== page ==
lists  /  announce  owl-users  owl-dev  john-users  john-dev  passwdqc-users  yescrypt  popa3d-users  /  oss-security  kernel-hardening  musl  sabotage  tlsify  passwords  /  crypt-dev  xvendor  /  Bugtraq  Full-Disclosure  linux-kernel  linux-netdev  linux-ext4  linux-hardening  PHC 
Open Source and information security mailing list archives
Hash Suite: Windows password security audit tool. GUI, reports in PDF.
[<prev] [next>] [<thread-prev] [thread-next>] [day] [month] [year] [list]
Date:   Sun, 29 Sep 2019 11:05:12 +0200
From:   Lennart Poettering <>
To:     Linus Torvalds <>
Cc:     "Alexander E. Patrakov" <>,
        "Eric W. Biederman" <>,
        "Ahmed S. Darwish" <>,
        "Theodore Y. Ts'o" <>, Willy Tarreau <>,
        Matthew Garrett <>,
        Vito Caputo <>,
        Andreas Dilger <>,
        Jan Kara <>, Ray Strode <>,
        William Jon McCann <>,
        zhangjs <>,
        Ext4 Developers List <>,
        lkml <>
Subject: Re: Linux 5.3-rc8

On Fr, 27.09.19 08:58, Linus Torvalds ( wrote:

> On Fri, Sep 27, 2019 at 6:57 AM Lennart Poettering <> wrote:
> >
> > Doing the random seed in the boot loader is nice for two reasons:
> >
> > 1. It runs very very early, so that the OS can come up with fully
> >    initialized entropy right from the beginning.
> Oh, that part I love.
> But I don't believe in your second case:
> > 2. The boot loader generally has found some disk to read the kernel from,
> >    i.e. has a place where stuff can be stored and which can be updated
> >    (most modern boot loaders can write to disk these days, and so can
> >    EFI). Thus, it can derive a new random seed from a stored seed on disk
> >    and pass it to the OS *AND* update it right away on disk ensuring that
> >    it is never reused again.
> No. This is absolutely no different at all from user space doing it
> early with a file.
> All the same "golden image" issues exist, and in general the less the
> boot loader writes to disk, the better.
> Plus it doesn't actually work anyway in the one situation where people
> _really_ want it - embedded devices, where the kernel image is quite
> possibly in read-only flash that needs major setup for updates.
> Your "it can update it right away on disk" is just crazy talk. With
> WHAT? It has no randomness to play with, and it doesn't have time to
> do jitter entropy stuff.

So these two issues are addressed by the logic implemented in sd-boot
(systemd's boot loader) like this:

The old seed is read off the ESP seed file. We then calculate two hash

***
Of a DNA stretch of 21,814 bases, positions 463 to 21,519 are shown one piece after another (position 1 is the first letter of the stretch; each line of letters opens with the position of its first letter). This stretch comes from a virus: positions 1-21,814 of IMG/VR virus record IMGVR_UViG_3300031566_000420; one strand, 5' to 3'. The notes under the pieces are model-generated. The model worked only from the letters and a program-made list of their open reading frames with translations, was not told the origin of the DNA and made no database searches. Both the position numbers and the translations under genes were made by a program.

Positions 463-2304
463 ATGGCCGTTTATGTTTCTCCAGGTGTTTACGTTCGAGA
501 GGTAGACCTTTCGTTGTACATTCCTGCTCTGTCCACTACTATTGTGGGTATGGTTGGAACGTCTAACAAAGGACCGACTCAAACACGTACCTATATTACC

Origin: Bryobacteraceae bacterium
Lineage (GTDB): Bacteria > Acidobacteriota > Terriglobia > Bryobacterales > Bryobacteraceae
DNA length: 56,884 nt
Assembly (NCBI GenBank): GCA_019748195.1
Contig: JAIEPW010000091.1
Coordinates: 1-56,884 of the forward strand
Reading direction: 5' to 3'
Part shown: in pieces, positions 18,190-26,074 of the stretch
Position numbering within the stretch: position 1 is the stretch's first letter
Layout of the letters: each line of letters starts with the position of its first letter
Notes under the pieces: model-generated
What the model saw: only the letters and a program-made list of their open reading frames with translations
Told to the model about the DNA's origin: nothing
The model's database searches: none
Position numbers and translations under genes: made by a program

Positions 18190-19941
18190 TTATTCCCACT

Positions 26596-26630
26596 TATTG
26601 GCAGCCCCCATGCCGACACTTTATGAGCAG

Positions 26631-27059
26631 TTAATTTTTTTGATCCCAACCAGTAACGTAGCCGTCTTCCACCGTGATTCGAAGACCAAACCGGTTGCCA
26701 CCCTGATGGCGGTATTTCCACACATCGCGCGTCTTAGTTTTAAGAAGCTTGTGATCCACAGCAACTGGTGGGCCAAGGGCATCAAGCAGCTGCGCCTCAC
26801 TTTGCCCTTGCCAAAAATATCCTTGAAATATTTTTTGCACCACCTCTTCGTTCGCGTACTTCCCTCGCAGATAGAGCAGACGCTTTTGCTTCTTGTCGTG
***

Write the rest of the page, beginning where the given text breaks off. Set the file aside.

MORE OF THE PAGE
sums in counter mode from it (SHA256), one we pass to the OS as seed
to initialize the random pool from. The other we use to update the ESP
seed file with. Unless you are capable of breaking SHA256 this means
the seed passed to the OS and the new seed stored on disk are derived
from the same seed but in a way you cannot determine one if you
managed to learn the other. Moreover, on each boot you are guaranteed
to get two new seeds, each time, and you cannot derive the sums used
on previous boots from those. This means we are robust towards
potential seed reuse when turning the system forcibly off during boot.

Now, what's still missing in the above is protection against "golden
image" issues, as you correctly pointed out. To deal with that the
SHA256 sums are not just hashed from the old seed and the counter, but
also include a system specific "system token" (you may also call it
"salt") which is stored in an EFI variable, persistently, which was
created once, during system installation. This hence gives you the
behaviour your are looking for, using the NVRAM like you suggested,
but we don't need to write the EFI vars all the time, as instead we
update the seed file stored in the ESP each time, and updating the ESP
should be safer and less problematic (i.e. if everything is done right
it's a single sector write).

To make this safer, on EFI firmwares that support the RNG protocol we
also include some data derived from that in the hash, just for good
measure. To sumarize:


(and no, this is not a crypto scheme I designed, but something
Dr. Bertram Poettering (my brother, a cryptographer) suggested)

> So all it can do is a really bad job at taking the previous random
> seed, doing some transformation on it, and add a little bit of
> whatever system randomness it can find. None of which is any better
> than what the kernel can do.

Well, the kernel cannot hash and rewrite the old seed file early enough,
it's that simple. It can do that only when /var becomes writable,
i.e. very late during boot, much later than when we need entropy
for. The boot loader on the hand, can hash and rewrite the old seed
file even before the kernel initializes, and that's the big benefit!

> End result: you'd need to have the kernel update whatever bootloader
> data later on, and I'm not seeing that happening. Afaik the current
> bootloader interface has no way to specify how to update it when you
> actually have better randomness.

So, you could, but don't have to update the ESP random seed file from
the OS too, every now and then, but the security of the model dos not
rely on that.

(And yes, the above doesn't help if you have a fully R/O medium, but
those tend to be embedded devices, and I am much less concerned about
those, the designers really can deal with the RNG seed issues
themselves, and maybe provide some hw to do it; it's the generic user
PCs that we should be concerned about, and for those the above should
generally work)


Lennart Poettering, Berlin

Powered by blists - more mailing lists